We can make a difference. One of the highlights of Edible Institute was Marion Nestle’s keynote presentation. Dr. Nestle is a nutritionist and one of the nation’s leading voices advocating for healthier diets and changes to our food economy. In our current socio-political-economic climate, where supersize portions are the norm (did you know that a Double Gulp soda has 800 calories, nearly half our daily intake?), food labels are deliberately misleading and food companies are ever-pressured to deliver shareholder value, “it’s impossible for people to practice personal responsibility.” But we’re not stuck. We have a lot of power as individuals to spark change. We can “vote with our forks” by choosing healthful foods, supporting local growers and producers, and sharing our tables with family and neighbors.

 “Ask not what you can do for your country. Ask what’s for lunch.”

— Orson Welles

Why business cards still matter.

With so much business-related interaction happening in the digital realm, you might wonder whether such old-fashioned niceties as a well-designed business card still matter.

They do.

A great business card design makes such a strong impression. These days, it’s not so much about handing someone your card in hopes that they’ll stash it in a Rolodex for future use. A business card is part of making a great initial connection. It says you’re serious. It shows you care about the little things. It’s part of your image.

Ordering a set of business cards was the second thing I did after I launched my recipe website writes4food.com in 2010. And it was the second thing I did after I launched my business website in 2011. I requisitioned my business cards from Moo.com, the UK-based printer of business cards, stickers and postcards. Why Moo? First, I loved the diminutive card sizes—Moo mini cards are about half the size (horizontally) of traditional business cards. They’re printed front-and-back, and you can upload practically countless photos for the back of the cards. The Moo website is ridiculously easy to use, and the brand’s persona is ultimately charming. (My order arrived in a box with a sticker proclaiming “Yay!” on it. Yay, indeed!) But the best thing about my Moo mini cards is the response they elicit from people I hand them to—everyone is universally delighted by their cute smallness.

More recently, Moo launched a Luxe line of business cards—a full-size model that’s printed on deliciously double-thick cardstock. My friends at Mohawk Fine Papers, which provides the stock for Moo’s Luxe line, presented a not-to-be-missed opportunity to try the new product.

I asked Jill Anderson, who created the fabulous website you’re perusing right at this moment, if she could design the cards—I knew I wanted something really special, given the weight and finish of the Luxe cards. We came up with the idea of picturing a writes4food recipe on the back, with a QR code that links directly to the recipe.

The cards arrived yesterday in a lovely bespoke box, and I have to say: I’m thrilled with them. They’re beautiful, substantial, impressive. (And my photos don’t do them justice.) I can’t wait to start handing them out.

Want one?

 

On being helpful.

photo by Marc Falardeau, used under Creative Commons license

Once, while working on a Habitat for Humanity building project, one of the construction pros volunteering on the job told me, “You have good worksite awareness.”

I took it as a compliment … and then asked what he meant.

Good worksite awareness is about paying attention to the work and workers around you, anticipating what needs to be done and offering to pitch in however you can. It’s about being helpful.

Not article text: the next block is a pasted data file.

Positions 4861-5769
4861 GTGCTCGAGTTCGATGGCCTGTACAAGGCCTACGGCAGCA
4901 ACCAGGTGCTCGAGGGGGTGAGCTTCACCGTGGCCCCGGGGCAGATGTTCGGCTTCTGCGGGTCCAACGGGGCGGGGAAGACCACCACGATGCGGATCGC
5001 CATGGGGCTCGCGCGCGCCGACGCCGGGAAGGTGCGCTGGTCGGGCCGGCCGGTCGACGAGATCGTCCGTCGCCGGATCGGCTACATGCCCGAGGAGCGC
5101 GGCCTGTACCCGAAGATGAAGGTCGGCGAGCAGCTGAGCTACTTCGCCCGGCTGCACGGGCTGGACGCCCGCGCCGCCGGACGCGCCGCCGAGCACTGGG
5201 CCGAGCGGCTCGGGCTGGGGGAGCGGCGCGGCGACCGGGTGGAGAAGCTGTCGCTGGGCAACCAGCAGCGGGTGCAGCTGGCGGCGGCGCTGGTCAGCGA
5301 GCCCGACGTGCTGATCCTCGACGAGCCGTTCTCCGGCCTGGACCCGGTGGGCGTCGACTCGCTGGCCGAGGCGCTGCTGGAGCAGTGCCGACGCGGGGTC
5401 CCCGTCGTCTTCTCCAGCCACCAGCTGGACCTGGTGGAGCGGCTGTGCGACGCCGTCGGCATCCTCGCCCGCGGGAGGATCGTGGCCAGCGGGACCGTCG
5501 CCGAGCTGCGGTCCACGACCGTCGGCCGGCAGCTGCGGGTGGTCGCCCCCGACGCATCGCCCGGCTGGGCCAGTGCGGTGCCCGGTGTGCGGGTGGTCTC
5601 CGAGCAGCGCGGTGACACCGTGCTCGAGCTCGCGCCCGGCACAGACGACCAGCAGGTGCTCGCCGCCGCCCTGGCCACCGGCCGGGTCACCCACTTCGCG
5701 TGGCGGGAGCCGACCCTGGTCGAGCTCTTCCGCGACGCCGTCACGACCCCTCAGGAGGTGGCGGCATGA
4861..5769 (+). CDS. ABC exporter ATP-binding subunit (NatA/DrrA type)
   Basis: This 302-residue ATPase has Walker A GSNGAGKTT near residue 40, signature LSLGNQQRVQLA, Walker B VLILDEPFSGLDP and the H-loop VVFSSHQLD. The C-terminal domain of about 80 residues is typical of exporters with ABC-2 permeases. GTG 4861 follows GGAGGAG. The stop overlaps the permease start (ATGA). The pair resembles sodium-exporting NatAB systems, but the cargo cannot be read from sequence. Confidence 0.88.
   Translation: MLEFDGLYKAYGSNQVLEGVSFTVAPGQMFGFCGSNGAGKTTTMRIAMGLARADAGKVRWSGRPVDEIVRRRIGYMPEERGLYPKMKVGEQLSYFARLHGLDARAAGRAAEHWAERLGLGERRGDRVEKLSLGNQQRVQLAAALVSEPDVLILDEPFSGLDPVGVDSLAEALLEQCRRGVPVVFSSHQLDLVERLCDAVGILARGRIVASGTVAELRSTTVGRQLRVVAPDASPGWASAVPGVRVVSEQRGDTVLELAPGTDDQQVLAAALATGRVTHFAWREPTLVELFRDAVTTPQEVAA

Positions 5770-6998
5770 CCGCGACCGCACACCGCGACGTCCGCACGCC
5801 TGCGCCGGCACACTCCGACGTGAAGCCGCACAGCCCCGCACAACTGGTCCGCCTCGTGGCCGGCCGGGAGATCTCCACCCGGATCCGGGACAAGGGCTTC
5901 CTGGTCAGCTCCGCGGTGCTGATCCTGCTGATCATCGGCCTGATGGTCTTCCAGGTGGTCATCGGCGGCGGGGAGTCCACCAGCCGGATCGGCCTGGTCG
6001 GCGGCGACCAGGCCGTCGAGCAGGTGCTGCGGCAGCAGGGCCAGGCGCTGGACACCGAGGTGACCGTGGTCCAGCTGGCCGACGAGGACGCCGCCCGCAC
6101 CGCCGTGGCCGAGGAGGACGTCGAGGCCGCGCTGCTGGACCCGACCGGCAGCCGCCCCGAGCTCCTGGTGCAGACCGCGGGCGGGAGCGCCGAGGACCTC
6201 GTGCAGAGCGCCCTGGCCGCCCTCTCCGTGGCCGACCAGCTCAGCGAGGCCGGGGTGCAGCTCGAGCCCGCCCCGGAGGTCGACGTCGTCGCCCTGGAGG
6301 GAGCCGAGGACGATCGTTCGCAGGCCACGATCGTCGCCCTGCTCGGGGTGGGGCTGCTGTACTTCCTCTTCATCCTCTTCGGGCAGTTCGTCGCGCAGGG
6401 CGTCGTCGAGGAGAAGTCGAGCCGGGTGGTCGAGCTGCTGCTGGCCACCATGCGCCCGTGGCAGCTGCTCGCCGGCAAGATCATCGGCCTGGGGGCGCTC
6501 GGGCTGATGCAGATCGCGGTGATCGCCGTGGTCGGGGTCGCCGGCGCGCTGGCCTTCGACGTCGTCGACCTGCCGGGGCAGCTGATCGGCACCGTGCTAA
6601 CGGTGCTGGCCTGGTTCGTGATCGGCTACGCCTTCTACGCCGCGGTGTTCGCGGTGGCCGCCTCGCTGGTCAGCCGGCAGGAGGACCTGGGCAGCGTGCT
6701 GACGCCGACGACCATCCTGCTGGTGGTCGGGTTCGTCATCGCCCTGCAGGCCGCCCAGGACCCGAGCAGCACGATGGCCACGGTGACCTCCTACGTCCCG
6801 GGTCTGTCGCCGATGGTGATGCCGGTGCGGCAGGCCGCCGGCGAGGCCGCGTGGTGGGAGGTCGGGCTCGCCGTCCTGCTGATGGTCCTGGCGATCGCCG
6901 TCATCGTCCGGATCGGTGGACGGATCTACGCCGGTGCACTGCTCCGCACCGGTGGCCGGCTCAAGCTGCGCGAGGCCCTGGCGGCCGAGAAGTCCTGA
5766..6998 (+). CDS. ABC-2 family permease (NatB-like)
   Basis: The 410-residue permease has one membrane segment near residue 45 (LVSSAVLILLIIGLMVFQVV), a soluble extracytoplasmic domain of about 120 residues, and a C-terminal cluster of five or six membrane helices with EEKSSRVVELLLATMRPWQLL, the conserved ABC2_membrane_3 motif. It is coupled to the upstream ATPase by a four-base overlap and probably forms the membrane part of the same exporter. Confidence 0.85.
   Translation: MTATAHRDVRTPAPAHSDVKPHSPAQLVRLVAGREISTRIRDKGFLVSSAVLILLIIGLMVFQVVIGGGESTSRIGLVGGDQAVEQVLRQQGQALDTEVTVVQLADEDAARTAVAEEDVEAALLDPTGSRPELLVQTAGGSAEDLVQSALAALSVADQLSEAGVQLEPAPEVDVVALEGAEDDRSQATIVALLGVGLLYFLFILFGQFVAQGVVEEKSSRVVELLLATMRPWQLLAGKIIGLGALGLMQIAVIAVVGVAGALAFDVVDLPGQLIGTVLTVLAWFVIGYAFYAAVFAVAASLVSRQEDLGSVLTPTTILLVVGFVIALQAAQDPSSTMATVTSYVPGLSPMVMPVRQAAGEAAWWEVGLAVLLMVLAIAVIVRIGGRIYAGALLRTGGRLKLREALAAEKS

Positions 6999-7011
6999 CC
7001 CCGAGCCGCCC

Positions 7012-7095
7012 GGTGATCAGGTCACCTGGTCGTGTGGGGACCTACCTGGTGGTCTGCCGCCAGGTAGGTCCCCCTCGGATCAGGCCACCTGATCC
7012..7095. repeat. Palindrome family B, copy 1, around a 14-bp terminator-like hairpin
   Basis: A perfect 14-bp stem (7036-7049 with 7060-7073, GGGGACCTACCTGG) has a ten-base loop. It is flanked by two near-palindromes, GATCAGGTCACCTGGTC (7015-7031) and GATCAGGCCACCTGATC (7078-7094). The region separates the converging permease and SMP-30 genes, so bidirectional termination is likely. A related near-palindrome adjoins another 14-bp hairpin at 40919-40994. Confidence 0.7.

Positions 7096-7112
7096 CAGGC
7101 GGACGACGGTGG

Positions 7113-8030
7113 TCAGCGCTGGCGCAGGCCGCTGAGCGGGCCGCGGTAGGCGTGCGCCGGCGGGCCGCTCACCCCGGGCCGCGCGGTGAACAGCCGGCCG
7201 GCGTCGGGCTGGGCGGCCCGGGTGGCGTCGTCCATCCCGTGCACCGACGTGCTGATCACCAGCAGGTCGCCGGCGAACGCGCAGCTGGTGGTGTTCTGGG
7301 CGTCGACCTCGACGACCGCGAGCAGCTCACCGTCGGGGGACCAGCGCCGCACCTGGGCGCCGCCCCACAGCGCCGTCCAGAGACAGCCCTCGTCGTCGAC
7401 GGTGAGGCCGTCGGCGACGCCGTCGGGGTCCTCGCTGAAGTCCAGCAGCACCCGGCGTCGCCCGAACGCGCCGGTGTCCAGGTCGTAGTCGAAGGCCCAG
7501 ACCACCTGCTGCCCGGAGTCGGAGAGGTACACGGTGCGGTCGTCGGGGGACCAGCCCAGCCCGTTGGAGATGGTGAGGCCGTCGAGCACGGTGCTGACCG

‘Help’ is sort of a loaded word. Shouted in panic, it signifies danger. In a certain context, it identifies those in a position of servitude. Some people have trouble asking for it, for fear it demonstrates a weakness.

In business, though, ‘help’ can be a powerful word. And I’m seeing this four-letter verb more and more as I research and collaborate with other creative companies that exist to serve clients. Maybe the word sounds soft to some, isn’t aggressive enough, doesn’t demonstrate strategy.

But all manner of business relationships—client relationships, customer relationships, co-worker relationships, employee-manager relationships, vendor relationships—would be more successful if at least one of the parties entered in from a position of service and giving. And if we’re not in our chosen profession because we want to make some kind of contribution to others and to the world, then why are we?

How to Be Helpful in a Business Setting

Think of every business transaction or conversation as an exchange of assistance: You’re busy. I can help. You need a product or service. I can deliver. You have a question. I have the answer.

Ask, “Can I help” or even better, “How can I help?” Initiate a new-business relationship in a positive way by asking your prospect what they need (and then offering a solution). “How can I help?” is a question that can reveal challenges or pain points; it’s a great research query.

An offer of help is a great lead-in to a conversation that can close a sale. “I’m ready to help” is much more powerful than “Are you ready to buy?”

On your website and in conversation, frame your work as it assists your clients, solves their problems, improves their business, makes the world a better place. Demonstrate how you help.

Finally, when you need help, ask for it. Shouldering a crushing workload or struggling with a problem that’s a little over your head serves no one. Open yourself to the knowledge and wisdom of others. But don’t assume that someone will jump to your aid; you have to ask for help.

I’m touched by the idea that when we do things that are useful and helpful—collecting these shards of spirituality—that we may be helping to bring about a healing.
—Leonard Nimoy

Worth Reading

How to Be Helpful—A 7-point list, including my favorite bit of advice: Don’t be more trouble than you’re worth.

Don’t Be Nice; Be Helpful—If you think being helpful means being a pushover, this article from Harvard Business Review (about delivering constructive criticism) will help you walk that line.

Worth Eating

Peanut Butter and Jam Thumbprint Cookies—Where I come from, an offer of help is likely to be accompanied by a batch of homemade cookies or soup. Help yourself to this recipe for classic peanut butter and jam cookies.